- The number of mobile crypto-jacking malware variants grew from 8 variants in 2017 to 25 variants by May 2018 – making a 3x increase. (Quick Heal)
- 56 percent of respondents expect privileged user abuse to increase in the next 12 to 24 months, a significant increase from 44 percent of respondents in the 2011 research. (Ponemon)
- The average data breach in 2019 impacted 25,575 records. (IBM)
- The information security market is expected to grow to 289.9 billion by 2026, driven in part by spending on consultation and implementation services related to the European Union’s (EU’s) General Data Protection Regulation (GDPR) and other privacy legislation. (Fortune Business)
- Healthcare breaches had the highest cost of any industry, coming in at 65% higher than any other industry. (Ponemon)
- The total cost of a successful cyber attack is over $5 million, or $301 per employee. (Ponemon)
- The most expensive component of a cyber attack is information loss, which represents 43 percent of costs. (Accenture)
- Damage related to cybercrime is projected to hit $6 trillion annually by 2021. (CyberSecurity Ventures)
- The Equifax breach cost the company over $4 billion in total. (Time)
- Malware and web-based attacks are the two most costly attack types — companies spent an average of US $2.4 million in defense. (Accenture)
- The average data breach cost was 3.92 million in 2019 (1.5% more than 2018). (IBM)
- More than 4,000 ransomware attacks occur every day. (FBI)
- 75% of organizations infected with ransomware were running up-to-date endpoint protection. (Sophos)
- The global damage costs connected with ransomware attacks is estimated to reach $11.5 billion in 2019. (Cybersecurity Ventures)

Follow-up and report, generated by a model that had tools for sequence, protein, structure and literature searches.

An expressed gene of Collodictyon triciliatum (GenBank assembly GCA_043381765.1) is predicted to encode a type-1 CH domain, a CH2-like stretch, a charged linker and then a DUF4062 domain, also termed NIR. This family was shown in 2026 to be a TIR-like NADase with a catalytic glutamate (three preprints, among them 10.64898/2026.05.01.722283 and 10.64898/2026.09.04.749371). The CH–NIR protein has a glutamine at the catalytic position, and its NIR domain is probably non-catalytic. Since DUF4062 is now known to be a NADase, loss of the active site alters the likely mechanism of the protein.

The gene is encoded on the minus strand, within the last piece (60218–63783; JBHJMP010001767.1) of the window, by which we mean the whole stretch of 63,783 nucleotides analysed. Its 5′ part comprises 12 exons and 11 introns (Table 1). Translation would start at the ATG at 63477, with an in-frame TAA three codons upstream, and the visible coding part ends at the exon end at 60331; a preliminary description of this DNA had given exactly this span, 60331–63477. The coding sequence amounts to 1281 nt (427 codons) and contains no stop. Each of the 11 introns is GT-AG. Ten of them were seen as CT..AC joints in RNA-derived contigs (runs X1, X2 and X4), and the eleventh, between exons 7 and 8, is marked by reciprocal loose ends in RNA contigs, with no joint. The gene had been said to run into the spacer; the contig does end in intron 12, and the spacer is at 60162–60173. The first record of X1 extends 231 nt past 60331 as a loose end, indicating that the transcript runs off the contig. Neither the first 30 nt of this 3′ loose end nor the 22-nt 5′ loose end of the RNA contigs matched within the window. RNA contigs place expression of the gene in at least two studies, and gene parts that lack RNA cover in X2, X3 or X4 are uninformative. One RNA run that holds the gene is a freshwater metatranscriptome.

- It is estimated there will be a ransomware attack on businesses every 14 seconds by the end of 2019, and every 11 seconds in 2021. This does not include attacks on individuals, which occurs even more frequently than businesses. (Cybersecurity Ventures)
- 91% of cyberattacks begin with a spear-phishing email, which is commonly used to infect organizations with ransomware.. (KnowBe4)
- In a survey of over 1,300 IT decision-makers, 56% of organizations identified targeted phishing attacks as their biggest current cybersecurity threat. (CyberArk)
- 76% of businesses reported being a victim of a phishing attack in the last year. (Wombat Security)
- Verizon reports that users in the U.S open 30 percent of phishing all emails, with 12 percent of those targeted by these emails clicking on the infected links or attachments. (Verizon)
- Kaspersky’s Anti-Phishing system was triggered 482 million times in 2018. The security company states that this was a 2x increase over 236 million in 2017. (Kaspersky)
- The financial sector was especially targeted during 2018. 44% of detected attacks were on the banking, payment system, and online shop industries. (Kaspersky)
Understanding the state of cybersecurity is important to protect yourself, your family, and your businesses from digital threats. The statistics we’ve shared show that even though many individuals and companies are aware of cyber threats, their protection is failing due to the continued expansion of attacks.
So what can you do to protect your devices from cybercrime? The first steps are staying educated on current threats and investing in device security. Use the statistics we’ve shared to plan how you will prevent the growing number of threats in 2020.